New year, new clutch of films.
Ordinarily, the first festival which received any modicum of my attention would be Bradford, but one thing has changed that this year.
That thing was From up on Poppy Hill.
The new Studio Ghibli film, which I had an outside chance of catching midway though 2012 (but only if I snuk out of a works 'you are required to have fun' event and catch the train to London, which predictably didn't happen) was on at the Glasgow Film Festival, and I wasn't about to miss it a second time.
Fortunately, it was on on a weekend. Just early enough on the Sunday to watch and then get back on the train to sunny Yorkshire. We could get down and back without stepping on any work days.
So we quickly got ourselves a city centre hotel sorted out, a few cheap seat tickets on the most direct train, and on the Friday evening, hoofed the poor pup onto the parents for a few days, and set off.
Glasgow is large, and it is lumpy. An American-style grid system of all the colours of the architectural rainbow sit atop a large and uncompromising hill - the roads approach a 1 in 3 climb in places, as we made our way up towards the Glasgow Film Theatre - the main Festival venue, and our place to stay.
The lumpiness extended to the interior of the hotel. A sequence of interconnected Victorian houses with a hobbit-sized door knocked through for access. Our room was functional and plain, and there was a reason the beds weren't on castors - they would have slowly rolled into the corner if they had.
It was just as well we weren't staying there for much of the day. It was late on friday evening, and we'd just lugged our bags over hills of poorly-maintained roads. But the festival catalogue gave us temptation, and we could not resist.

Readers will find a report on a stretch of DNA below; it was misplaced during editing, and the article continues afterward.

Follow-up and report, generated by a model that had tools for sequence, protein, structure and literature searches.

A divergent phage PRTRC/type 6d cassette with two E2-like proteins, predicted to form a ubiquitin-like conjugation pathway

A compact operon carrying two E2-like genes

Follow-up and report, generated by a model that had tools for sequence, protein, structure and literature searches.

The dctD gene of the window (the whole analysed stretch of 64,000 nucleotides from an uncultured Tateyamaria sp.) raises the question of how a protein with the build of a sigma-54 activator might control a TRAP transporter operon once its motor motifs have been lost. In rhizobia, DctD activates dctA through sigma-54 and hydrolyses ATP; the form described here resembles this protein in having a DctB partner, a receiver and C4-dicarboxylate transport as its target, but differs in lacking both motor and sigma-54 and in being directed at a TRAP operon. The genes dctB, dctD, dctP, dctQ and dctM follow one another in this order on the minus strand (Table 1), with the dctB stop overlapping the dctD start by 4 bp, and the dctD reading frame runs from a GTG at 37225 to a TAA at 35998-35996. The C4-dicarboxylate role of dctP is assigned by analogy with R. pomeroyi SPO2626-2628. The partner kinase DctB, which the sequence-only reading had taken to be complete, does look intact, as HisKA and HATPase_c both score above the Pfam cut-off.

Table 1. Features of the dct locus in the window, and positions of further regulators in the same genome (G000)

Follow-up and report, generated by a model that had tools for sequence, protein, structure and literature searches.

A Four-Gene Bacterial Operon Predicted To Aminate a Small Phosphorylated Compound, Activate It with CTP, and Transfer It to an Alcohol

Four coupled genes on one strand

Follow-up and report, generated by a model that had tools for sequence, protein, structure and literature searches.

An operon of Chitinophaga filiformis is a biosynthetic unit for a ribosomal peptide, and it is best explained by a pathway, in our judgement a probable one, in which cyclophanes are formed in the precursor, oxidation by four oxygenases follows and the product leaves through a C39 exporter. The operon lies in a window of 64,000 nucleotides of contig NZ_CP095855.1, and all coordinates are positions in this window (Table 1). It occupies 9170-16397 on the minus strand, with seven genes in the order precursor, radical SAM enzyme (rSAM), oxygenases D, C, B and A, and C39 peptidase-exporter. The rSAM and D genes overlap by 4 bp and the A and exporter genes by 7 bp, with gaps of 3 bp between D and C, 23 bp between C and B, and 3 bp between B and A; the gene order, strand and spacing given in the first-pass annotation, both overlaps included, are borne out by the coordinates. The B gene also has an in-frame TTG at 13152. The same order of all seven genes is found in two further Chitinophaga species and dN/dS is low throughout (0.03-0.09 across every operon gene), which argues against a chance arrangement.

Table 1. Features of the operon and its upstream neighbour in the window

Ferris Buellers' Day Off (US) (wiki)
There wasn't much that would get us out that night, but an horrendously late night showing of the seminal 1986 comedy encouraged us to get out there. I had only seen it as an innocent child, and remembered little about it other than the famously calamitous scene at the end. Certainly not the nightmarish day spent by the school dean (played to neurotic perfection by Jeffrey Jones) as he attempts to find proof that the endlessly charismatic student Bueller is not ill, but is in fact truanting his way around America with his friends.
I just hadn't appreciated back then just how good the film is, and this sparkling new reprint made it feel as fresh and new as a film containing a range of 80's synth hits could. Director John Hughes, who would go on to do Planes, Trains and Automobiles and Uncle Buck makes a fresh and intelligent comedy with the audience brought along for the ride as the fourth wall is repeatedly broken by Matthew Broderick playing one of his first, and perhaps his best roles Many nostalgic films of the period are watched because they are cheesy or naff in a so-bad-it's-good way, or just too dumb to hate but Ferris Bueller is genuinely good entertainment. 8/10